The Chinese Theatre
To the left of the entrance to the Alexander Park, in one of the squares of the New Garden, stands the Chinese Theatre, or Masonry Opera, as it was known in Catherine II’s time. Originally it was proposed to build an open-air theatre on this site with turf benches for seating.
The plan for the theatre, which was begun in 1778, was drawn up by the architect Antonio Rinaldi, but construction was supervised by Ilya Neyelov, who made some alterations to the original concept. The building was entirely European in appearance. The theatre’s architectural forms and external decoration were relatively simple: white walls embellished with pilasters, a broad cornice and narrow door and window architraves. The cornice, probably destroyed during a nineteenth-century refurbishment, was multicoloured and had an elaborate design. Only the tall roof with corners upturned in a “Chinese” manner betrayed the architect’s efforts to create an exotic edifice.
The interior decoration of the Chinese Theatre was by contrast opulent. The central box, the proscenium arch and the ceiling painting were all adorned by figures of Chinese people, dragons, shields bearing signs of the zodiac and other elements of oriental décor. The interior was enlivened by little bells, beads and pendants turned from wood and brightly painted, silvered and gilded. The decorations for the boxes were made of painted cardboard mounted with shiny foil. The central imperial box and the two side ones intended for grand dukes and duchesses contained genuine works of Chinese art: decorative lacquer panels, porcelain and furniture. In 1779 the eminent decorative artist Joseph Christ painted the orange silk curtain with scenes and landscapes “in the Chinese taste”.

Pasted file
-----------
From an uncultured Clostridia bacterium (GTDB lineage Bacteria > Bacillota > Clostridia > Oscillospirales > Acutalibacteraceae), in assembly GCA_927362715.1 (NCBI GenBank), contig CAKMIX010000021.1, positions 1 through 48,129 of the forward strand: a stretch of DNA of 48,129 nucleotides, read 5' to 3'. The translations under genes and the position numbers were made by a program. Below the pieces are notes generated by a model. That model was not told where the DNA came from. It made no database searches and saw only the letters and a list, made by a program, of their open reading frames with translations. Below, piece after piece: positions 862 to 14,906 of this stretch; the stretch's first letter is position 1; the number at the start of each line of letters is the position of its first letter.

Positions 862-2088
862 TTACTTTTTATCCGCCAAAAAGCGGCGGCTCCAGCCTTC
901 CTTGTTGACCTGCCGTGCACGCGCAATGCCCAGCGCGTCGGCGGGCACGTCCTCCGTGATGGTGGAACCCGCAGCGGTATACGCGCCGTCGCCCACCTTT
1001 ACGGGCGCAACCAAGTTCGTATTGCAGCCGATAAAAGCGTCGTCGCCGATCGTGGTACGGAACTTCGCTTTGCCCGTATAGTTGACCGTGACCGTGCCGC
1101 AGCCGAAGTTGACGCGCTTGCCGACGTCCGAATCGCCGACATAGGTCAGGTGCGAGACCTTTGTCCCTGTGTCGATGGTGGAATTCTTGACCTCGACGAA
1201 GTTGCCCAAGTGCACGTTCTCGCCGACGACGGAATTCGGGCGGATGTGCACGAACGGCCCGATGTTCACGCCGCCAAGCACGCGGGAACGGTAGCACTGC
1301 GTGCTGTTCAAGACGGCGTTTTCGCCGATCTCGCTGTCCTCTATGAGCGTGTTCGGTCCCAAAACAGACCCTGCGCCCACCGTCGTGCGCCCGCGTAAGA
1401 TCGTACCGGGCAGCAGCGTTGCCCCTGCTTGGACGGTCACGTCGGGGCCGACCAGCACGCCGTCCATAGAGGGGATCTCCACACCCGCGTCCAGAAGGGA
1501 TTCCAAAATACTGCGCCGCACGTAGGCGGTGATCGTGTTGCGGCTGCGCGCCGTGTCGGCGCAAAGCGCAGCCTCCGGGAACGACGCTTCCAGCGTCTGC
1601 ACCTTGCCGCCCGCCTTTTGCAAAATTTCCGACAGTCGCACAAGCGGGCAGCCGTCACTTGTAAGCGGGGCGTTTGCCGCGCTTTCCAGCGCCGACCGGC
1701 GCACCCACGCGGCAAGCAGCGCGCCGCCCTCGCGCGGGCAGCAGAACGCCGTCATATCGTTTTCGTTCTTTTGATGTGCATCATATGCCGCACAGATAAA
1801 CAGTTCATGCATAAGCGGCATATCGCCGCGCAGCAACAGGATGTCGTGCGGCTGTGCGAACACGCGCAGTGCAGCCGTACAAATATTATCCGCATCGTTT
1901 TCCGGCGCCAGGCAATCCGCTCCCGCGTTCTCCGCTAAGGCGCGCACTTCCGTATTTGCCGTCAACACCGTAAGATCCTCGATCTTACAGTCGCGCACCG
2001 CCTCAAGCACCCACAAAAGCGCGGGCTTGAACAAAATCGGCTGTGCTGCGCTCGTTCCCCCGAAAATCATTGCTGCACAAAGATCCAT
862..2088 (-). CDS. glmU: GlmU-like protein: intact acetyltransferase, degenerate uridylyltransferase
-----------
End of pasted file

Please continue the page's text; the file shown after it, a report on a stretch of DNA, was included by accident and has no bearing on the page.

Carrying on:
The first performance was given in the Chinese Theatre on 13 June 1779. The composer Giovanni Paisiello presented his opera Demetrios for Catherine II.
In 1908–09, under the direction of the court architect Silvio Dagnini, the building was completely refurbished. The eighteenth-century stage was re-equipped with the latest technology to facilitate large opera and ballet productions. An improved heating system made it possible to use the summer theatre throughout the year. In 1914, with the outbreak of the First World War, the Chinese Theatre ceased working for a long time. Performances were resumed only in the summer of 1930.
On 15 September 1941, when the town of Pushkin was being shelled, this unique edifice was almost completely burnt out.
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The Chinese Theatre